It’s a phrase we hear constantly when discussing the great people of history – “they were ahead of their time.” Often the label is used to denote someone or something as too advanced for people to properly appreciate, while other times it simply means something better than the rest. These are fairly contradictory sentiments so I’ll discuss which is more appropriate first and then go on to examine four people in history – Leonardo Da Vinci, Isaac Newton, Hieronymus Bosch, and Gregor Mendel – to see if they were truly ahead of their time.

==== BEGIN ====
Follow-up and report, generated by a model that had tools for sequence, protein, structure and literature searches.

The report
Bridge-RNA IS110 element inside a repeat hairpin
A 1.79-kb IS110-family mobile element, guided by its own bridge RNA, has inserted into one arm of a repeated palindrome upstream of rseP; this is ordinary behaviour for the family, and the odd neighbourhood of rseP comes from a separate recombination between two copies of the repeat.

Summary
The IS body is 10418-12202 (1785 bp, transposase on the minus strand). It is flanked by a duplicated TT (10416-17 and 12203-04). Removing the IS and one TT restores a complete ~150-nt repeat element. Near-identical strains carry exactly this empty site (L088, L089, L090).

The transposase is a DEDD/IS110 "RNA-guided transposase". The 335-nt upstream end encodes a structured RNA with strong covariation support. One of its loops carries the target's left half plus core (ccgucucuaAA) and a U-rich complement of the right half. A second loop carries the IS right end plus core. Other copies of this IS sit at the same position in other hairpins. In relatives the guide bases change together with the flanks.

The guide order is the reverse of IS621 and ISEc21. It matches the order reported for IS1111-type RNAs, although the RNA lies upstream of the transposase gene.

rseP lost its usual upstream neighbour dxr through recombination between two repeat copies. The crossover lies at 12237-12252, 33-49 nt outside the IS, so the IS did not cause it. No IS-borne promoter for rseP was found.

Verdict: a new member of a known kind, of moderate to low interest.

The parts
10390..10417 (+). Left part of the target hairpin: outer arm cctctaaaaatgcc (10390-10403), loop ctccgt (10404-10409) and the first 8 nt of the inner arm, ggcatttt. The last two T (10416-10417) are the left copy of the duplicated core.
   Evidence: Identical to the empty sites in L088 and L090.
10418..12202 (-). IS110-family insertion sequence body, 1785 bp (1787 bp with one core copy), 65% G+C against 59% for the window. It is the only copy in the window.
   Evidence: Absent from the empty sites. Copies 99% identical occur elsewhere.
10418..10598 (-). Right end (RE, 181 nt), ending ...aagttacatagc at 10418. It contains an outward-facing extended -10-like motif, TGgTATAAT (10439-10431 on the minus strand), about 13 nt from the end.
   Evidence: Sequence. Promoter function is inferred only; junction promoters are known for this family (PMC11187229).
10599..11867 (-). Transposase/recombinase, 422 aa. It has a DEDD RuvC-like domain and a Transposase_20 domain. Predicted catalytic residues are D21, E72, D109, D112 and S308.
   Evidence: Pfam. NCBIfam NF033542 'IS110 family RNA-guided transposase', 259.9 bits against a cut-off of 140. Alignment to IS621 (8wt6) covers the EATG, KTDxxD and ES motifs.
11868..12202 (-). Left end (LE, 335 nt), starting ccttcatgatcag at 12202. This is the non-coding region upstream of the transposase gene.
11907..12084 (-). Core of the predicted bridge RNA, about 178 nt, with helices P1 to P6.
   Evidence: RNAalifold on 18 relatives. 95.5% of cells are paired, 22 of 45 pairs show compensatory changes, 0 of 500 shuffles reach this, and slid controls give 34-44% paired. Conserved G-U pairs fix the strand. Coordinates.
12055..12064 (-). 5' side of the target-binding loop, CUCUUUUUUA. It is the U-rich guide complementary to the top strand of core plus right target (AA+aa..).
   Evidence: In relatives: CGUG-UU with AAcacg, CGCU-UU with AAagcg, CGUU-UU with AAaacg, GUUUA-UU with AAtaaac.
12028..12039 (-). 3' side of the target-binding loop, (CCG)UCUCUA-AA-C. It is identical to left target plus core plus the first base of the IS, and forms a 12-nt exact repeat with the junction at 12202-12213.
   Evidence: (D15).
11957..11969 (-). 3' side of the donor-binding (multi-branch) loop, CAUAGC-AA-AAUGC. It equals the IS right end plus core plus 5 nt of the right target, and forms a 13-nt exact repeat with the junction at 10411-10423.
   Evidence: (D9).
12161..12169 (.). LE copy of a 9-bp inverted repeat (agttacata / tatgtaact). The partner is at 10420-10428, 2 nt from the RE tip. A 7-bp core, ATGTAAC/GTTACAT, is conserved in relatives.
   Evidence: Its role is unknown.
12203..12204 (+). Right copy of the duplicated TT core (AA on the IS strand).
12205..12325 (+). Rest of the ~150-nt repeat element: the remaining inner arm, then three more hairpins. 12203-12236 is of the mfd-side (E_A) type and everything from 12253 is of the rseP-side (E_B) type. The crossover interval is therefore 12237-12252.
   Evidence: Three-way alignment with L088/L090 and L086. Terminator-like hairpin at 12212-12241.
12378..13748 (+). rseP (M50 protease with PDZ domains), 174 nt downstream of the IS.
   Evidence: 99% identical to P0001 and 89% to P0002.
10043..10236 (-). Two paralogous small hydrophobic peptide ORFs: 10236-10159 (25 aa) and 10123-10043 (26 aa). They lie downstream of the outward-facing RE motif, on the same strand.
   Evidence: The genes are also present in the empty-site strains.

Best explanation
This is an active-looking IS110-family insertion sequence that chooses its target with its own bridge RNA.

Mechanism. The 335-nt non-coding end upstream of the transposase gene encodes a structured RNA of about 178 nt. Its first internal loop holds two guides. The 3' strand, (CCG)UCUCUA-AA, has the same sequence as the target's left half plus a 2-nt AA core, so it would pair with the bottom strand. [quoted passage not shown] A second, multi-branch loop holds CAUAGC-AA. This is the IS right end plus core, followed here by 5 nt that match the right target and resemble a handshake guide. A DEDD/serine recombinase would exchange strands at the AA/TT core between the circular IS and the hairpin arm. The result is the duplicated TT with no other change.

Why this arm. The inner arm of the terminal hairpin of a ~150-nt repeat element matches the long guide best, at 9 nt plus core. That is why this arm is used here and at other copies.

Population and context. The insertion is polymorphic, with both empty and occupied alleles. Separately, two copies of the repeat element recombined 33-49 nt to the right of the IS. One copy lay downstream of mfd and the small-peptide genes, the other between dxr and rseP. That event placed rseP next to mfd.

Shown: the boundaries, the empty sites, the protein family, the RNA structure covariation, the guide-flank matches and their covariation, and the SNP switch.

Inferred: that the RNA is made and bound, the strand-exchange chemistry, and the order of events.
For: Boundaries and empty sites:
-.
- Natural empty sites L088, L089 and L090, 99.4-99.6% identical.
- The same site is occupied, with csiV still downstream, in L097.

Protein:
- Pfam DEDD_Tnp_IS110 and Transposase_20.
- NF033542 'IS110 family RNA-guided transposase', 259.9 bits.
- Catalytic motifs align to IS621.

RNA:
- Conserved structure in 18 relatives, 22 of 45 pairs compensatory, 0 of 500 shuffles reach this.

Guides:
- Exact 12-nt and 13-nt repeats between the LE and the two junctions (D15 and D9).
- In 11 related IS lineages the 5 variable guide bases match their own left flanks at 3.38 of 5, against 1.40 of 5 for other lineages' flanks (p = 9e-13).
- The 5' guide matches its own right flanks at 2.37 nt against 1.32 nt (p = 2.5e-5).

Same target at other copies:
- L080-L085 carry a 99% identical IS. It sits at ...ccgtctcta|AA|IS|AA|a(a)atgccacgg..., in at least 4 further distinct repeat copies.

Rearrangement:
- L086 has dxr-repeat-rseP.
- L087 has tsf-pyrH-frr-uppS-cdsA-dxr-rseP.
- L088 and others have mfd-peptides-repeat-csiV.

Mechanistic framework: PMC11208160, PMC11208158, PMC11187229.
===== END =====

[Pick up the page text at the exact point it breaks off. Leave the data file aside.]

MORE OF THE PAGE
To call someone or something ahead of their time is to essentially say that they would be more comfortable living in an age beyond their own or that a product would have been more successful if released in the future. Assuming nobody has been time travelling, the only way someone could be ahead of their time is if their works were appreciated later. This has led some to abuse the phrase to simply mean something ground-breaking. For instance, take this piece on movies that were ahead of their time. It contains movies like Jaws, Tron, and Star Wars, all movies, while ground-breaking, were popular in their own time and therefore not really ahead of their time. In other words, if something is successful enough in its own time to influence tastes in the future then it can’t possibly be ahead of its time. If those movies did not exist then movies today would undoubtedly look very different. Instead, being ahead of time means something grossly under-appreciated to the point where it’s forgotten. Something can only be ahead of its time by coincidence – an idea disappearing and then re-emerging unrelated to the first. Continue reading “Is Anyone Truly Ahead of Their Time?”